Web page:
• ...to anyone outside the U.S., including U.S. citizens
  • ...to foreign entities, individuals, embassies or affiliates at any location, including the U.S.

"Items" include, but are not limited to, commodities, software or technology, retail software packages and technical information.

In a university situation, these items include, but are not limited to:

  • unpublished research findings
  • funds that are transferred to restricted countries, entities or persons
  • biological specimens
  • microorganisms
  • toxins
  • electronics
  • computers
  • telecommunications
  • lasers
  • sensors

At the Scripps Institution of Oceanography, items requiring an EAR or ITAR license for export have have included:

  • night vision goggles
  • military spec timing devices
  • precision positioning systems (GPS)
  • hydrophones
  • inertial navigation systems
  • acoustic deck units
  • transponders
  • echosounders
  • ROVs
  • Towed data logger systems


Who is a Foreign National/Person?

The federal definition of a foreign national is a person who is not:

  • granted permanent U.S. residence, as demonstrated by the issuance of a permanent residence card, i.e., a "Green Card"
  • granted U.S. citizenship
  • granted status as a "protected person" under 8 U.S.C. 1324b(a)(3), e.g., political refugees, political asylum holders, etc.

This includes all persons in the U.S. as students, businesspeople, scholars, researchers, technical experts, etc. By convention, the term "Foreign national" is used by the Department of Commerce, while the term "foreign person" is used by the Department of State.Top

What is a re-export?

The federal definition of a re-export is the shipment or transmission of an item subject to regulation from one foreign country (i.e., a country other than the U.S.) to another foreign country.

Shipment or transmission may occur in any of the following ways:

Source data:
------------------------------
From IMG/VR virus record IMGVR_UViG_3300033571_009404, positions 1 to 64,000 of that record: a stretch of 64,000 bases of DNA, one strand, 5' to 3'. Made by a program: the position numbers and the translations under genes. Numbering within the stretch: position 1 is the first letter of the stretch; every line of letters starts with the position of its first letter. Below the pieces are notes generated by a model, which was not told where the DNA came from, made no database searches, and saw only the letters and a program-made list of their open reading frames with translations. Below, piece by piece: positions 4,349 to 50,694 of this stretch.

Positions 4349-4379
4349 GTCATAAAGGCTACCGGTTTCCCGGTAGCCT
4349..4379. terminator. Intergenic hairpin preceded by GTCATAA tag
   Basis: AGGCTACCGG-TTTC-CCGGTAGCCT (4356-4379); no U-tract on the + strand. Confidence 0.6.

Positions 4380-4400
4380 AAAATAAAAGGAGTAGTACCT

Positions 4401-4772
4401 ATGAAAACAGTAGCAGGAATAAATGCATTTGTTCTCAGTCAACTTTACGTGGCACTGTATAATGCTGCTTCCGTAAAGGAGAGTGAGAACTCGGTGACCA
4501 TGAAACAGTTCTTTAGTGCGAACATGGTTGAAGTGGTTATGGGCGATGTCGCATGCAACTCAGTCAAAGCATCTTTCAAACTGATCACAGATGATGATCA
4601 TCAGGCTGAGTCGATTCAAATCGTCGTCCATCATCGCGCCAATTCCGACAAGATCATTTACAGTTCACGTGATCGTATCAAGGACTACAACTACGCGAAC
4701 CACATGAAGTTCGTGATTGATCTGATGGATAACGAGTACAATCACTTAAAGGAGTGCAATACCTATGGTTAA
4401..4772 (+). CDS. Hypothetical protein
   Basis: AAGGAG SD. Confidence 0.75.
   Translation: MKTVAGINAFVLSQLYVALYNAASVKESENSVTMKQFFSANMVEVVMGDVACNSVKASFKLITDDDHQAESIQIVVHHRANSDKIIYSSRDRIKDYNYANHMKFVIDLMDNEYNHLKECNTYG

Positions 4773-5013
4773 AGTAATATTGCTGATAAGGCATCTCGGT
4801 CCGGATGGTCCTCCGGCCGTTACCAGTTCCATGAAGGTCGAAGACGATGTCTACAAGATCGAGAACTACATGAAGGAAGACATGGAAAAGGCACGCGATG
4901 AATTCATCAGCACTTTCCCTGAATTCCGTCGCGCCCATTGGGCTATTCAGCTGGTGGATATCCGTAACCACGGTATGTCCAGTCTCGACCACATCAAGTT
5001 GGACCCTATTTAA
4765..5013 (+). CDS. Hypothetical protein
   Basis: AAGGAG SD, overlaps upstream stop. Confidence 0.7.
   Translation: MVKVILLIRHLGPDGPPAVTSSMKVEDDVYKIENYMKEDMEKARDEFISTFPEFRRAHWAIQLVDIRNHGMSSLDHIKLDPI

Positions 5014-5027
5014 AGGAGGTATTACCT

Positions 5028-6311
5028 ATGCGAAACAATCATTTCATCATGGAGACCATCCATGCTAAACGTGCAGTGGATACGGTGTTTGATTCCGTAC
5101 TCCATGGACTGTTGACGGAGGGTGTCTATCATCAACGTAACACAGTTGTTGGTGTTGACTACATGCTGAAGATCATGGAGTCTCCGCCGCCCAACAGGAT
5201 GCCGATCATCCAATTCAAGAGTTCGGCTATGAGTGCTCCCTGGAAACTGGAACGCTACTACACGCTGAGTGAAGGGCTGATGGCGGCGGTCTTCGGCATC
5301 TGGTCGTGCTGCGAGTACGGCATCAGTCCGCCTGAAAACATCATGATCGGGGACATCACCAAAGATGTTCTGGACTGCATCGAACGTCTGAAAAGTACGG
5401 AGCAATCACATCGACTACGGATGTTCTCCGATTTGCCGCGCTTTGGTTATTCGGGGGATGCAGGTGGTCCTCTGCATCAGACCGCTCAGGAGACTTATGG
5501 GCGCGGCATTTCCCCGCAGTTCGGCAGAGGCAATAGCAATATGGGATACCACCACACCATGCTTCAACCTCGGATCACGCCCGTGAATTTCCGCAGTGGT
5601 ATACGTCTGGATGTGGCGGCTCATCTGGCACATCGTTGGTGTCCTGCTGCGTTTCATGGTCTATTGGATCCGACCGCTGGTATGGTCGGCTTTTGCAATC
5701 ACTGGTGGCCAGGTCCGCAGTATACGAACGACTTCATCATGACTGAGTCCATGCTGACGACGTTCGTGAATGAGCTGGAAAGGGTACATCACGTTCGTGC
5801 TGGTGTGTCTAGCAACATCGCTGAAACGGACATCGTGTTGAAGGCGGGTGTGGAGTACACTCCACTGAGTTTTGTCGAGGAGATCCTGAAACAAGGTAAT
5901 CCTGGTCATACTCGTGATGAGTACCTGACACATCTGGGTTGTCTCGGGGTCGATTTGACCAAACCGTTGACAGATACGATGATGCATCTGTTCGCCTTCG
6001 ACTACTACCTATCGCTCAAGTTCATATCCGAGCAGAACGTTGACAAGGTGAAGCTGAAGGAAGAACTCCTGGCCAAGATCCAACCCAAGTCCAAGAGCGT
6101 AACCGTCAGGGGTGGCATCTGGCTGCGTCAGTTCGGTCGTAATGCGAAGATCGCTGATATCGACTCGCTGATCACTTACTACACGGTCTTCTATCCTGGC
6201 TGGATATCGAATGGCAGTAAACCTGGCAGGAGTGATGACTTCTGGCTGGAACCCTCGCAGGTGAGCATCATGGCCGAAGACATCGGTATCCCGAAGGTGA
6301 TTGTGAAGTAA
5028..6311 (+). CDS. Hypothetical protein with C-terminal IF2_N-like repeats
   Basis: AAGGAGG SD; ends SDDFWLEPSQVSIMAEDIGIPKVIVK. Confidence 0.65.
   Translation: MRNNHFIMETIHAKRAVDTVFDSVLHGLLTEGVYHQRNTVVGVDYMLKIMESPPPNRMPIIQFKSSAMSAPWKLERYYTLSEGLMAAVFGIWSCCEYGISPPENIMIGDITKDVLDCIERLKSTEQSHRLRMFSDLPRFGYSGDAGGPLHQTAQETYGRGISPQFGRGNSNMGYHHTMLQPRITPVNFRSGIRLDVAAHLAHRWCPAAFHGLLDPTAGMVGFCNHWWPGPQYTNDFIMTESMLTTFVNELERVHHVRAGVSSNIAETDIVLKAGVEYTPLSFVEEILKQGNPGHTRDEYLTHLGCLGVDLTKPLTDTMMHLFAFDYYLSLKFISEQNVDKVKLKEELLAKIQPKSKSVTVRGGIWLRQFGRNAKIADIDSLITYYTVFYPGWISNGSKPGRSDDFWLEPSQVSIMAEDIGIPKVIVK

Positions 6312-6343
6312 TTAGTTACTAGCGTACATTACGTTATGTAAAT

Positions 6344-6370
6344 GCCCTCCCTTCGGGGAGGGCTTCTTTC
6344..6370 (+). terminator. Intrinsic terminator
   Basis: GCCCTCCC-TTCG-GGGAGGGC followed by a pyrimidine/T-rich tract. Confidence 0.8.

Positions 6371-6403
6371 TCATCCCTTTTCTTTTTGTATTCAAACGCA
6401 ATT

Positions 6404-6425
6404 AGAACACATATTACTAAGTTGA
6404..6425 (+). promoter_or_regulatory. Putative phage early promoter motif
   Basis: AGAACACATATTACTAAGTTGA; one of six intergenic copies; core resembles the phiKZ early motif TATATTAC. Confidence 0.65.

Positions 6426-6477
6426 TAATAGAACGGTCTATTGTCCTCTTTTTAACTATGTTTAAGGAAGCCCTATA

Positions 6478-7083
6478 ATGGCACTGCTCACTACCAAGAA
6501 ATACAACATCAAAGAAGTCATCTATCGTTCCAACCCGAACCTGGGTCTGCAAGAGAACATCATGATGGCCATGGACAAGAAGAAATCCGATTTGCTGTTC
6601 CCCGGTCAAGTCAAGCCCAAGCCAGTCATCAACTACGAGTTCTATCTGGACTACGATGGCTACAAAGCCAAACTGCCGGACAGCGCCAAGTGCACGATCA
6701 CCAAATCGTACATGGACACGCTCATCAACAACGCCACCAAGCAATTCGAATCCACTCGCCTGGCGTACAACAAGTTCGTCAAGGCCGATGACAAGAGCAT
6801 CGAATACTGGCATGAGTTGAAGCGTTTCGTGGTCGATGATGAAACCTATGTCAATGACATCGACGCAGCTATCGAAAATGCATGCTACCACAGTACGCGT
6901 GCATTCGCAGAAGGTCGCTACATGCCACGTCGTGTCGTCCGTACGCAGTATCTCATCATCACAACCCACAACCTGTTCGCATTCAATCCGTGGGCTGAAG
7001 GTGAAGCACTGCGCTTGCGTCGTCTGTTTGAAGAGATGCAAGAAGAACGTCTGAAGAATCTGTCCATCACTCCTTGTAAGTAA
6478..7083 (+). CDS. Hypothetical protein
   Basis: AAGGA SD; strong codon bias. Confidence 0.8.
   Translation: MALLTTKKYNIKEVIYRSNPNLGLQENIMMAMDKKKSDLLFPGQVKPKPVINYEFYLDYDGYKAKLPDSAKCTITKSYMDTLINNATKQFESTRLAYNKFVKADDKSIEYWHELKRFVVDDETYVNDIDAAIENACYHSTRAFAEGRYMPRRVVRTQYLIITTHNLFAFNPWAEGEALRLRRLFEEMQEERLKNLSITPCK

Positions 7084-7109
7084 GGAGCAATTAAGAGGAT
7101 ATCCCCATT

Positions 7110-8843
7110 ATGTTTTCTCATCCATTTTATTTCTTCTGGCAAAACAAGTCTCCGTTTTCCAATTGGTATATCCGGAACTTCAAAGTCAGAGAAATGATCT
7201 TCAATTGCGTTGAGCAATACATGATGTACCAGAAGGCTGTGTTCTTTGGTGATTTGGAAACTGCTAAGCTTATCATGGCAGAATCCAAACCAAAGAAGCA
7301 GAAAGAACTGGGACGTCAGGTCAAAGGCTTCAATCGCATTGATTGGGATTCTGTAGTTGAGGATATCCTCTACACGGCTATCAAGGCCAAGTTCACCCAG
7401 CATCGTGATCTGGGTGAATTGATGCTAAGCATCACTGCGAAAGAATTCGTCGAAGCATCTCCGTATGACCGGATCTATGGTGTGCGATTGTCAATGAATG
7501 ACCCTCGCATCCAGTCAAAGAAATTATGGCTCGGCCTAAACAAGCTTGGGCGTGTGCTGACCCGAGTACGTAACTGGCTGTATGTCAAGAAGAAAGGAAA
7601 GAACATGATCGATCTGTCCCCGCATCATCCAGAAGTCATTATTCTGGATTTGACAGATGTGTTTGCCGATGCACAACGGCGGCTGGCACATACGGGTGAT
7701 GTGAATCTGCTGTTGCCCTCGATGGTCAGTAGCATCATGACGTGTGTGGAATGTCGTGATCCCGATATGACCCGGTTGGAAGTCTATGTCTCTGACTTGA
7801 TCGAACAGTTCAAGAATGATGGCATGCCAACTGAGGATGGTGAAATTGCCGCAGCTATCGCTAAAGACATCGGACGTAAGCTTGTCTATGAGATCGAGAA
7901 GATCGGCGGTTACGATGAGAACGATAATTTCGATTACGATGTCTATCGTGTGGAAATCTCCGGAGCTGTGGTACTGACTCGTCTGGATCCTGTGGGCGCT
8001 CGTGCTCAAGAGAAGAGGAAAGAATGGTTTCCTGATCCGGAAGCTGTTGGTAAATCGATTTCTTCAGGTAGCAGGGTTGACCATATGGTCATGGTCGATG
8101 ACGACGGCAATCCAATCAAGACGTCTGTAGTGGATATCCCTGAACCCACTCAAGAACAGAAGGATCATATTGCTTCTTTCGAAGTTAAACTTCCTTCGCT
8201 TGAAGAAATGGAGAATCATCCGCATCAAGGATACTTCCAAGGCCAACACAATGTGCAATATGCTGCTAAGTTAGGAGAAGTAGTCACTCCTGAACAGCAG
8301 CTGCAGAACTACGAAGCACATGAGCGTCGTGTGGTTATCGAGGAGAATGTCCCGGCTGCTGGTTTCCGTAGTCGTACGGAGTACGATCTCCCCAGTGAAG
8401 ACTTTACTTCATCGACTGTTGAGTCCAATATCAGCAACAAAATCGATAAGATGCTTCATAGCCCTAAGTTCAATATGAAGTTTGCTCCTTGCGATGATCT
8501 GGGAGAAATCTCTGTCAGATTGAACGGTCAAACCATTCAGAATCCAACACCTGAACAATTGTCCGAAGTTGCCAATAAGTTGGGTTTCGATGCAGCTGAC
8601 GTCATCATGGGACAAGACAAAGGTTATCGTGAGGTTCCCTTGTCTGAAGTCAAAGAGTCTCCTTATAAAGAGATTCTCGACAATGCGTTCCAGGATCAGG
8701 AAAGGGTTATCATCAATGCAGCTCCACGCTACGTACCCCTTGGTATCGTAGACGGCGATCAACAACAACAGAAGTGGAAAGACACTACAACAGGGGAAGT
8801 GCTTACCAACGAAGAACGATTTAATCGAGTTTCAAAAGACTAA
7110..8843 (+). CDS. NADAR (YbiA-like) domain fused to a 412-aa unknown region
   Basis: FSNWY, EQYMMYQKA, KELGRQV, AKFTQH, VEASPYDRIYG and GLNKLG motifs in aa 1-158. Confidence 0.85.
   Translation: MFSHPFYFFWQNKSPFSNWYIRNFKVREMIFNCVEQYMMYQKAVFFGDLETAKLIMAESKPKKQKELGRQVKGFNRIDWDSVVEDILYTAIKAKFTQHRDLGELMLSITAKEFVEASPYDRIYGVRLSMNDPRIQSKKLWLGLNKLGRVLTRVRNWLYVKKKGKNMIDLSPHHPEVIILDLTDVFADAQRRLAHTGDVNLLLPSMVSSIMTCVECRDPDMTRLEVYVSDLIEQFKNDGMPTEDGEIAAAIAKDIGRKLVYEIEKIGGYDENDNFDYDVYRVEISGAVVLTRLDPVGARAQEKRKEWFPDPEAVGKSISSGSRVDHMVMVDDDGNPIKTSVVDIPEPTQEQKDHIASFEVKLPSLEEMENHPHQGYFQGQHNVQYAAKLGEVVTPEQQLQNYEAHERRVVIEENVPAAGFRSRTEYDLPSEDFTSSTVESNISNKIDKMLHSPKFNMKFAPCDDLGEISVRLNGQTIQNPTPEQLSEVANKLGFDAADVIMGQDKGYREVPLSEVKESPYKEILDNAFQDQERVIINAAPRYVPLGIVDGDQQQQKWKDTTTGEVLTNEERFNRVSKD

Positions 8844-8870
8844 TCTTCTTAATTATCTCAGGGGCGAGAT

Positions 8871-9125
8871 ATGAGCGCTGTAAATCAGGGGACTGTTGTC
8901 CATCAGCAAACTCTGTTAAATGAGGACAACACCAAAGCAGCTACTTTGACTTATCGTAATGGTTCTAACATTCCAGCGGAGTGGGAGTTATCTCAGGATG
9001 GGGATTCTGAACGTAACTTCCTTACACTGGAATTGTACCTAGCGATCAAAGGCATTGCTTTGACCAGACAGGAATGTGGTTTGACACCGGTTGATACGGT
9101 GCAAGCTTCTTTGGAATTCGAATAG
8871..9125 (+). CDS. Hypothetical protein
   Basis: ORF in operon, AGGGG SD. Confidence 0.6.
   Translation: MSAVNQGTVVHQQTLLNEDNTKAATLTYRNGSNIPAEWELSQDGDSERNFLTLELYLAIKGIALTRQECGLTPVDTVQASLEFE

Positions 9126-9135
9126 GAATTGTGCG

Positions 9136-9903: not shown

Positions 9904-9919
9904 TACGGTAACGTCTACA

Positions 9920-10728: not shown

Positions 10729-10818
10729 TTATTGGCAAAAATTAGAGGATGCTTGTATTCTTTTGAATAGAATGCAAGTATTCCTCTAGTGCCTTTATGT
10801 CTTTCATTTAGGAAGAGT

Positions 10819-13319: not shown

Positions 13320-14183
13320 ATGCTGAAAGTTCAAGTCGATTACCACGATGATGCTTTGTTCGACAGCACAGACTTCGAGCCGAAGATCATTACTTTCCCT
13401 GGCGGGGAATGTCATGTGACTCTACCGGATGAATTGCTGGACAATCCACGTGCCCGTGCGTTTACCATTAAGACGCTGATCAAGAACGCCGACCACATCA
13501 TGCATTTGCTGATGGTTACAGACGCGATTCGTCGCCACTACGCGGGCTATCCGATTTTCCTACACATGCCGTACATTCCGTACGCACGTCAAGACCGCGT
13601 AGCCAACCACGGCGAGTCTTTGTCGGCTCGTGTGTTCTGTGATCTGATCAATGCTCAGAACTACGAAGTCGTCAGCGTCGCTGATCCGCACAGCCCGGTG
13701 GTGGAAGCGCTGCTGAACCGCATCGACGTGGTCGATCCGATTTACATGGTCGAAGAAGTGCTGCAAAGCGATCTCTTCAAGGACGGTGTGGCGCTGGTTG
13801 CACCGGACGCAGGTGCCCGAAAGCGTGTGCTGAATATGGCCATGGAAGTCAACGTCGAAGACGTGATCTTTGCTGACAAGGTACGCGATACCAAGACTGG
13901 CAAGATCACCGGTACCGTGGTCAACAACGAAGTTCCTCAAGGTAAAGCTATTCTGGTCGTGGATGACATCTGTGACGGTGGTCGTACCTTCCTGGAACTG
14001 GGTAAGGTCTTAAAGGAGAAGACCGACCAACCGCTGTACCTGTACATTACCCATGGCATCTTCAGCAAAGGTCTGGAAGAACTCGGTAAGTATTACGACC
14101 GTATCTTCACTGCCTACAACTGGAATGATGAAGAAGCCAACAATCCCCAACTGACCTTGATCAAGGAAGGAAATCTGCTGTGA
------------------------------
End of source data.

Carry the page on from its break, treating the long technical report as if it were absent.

• phone
  • email
  • lab tours
  • meetings
  • computer data

A re-export also occurs when there is a "release" of technology or software (source code) subject to regulation in one foreign country to a national of another foreign country.

In a university situation, a re-export might occur when an investigator is approved via an award to deliver a paper at conferences in two different countries. The investigator will carry a laptop with his or her presentation materials. A determination must be made to identify whether an export license is necessary before the travel takes place.


What is a deemed export?

The federal definition of a deemed export is an export of technology or source code (except encryption source code) that is "deemed" to take place when it is released to a foreign national within the U.S.

A "deemed" export situation can occur by access/use in research or training, visual inspection, or an oral exchange of information.

In a university situation, a deemed export might occur when an investigator requires a foreign national to have access to or use of a controlled laser. A determination must be made to identify whether or not an export license is needed prior to that individual accessing or using the laser.


For more information on export control compliance at Scripps Institution of Oceanography, please contact Mr. Gary Lain by email at dlain@ucsd.edu or by phone at 858.534.0193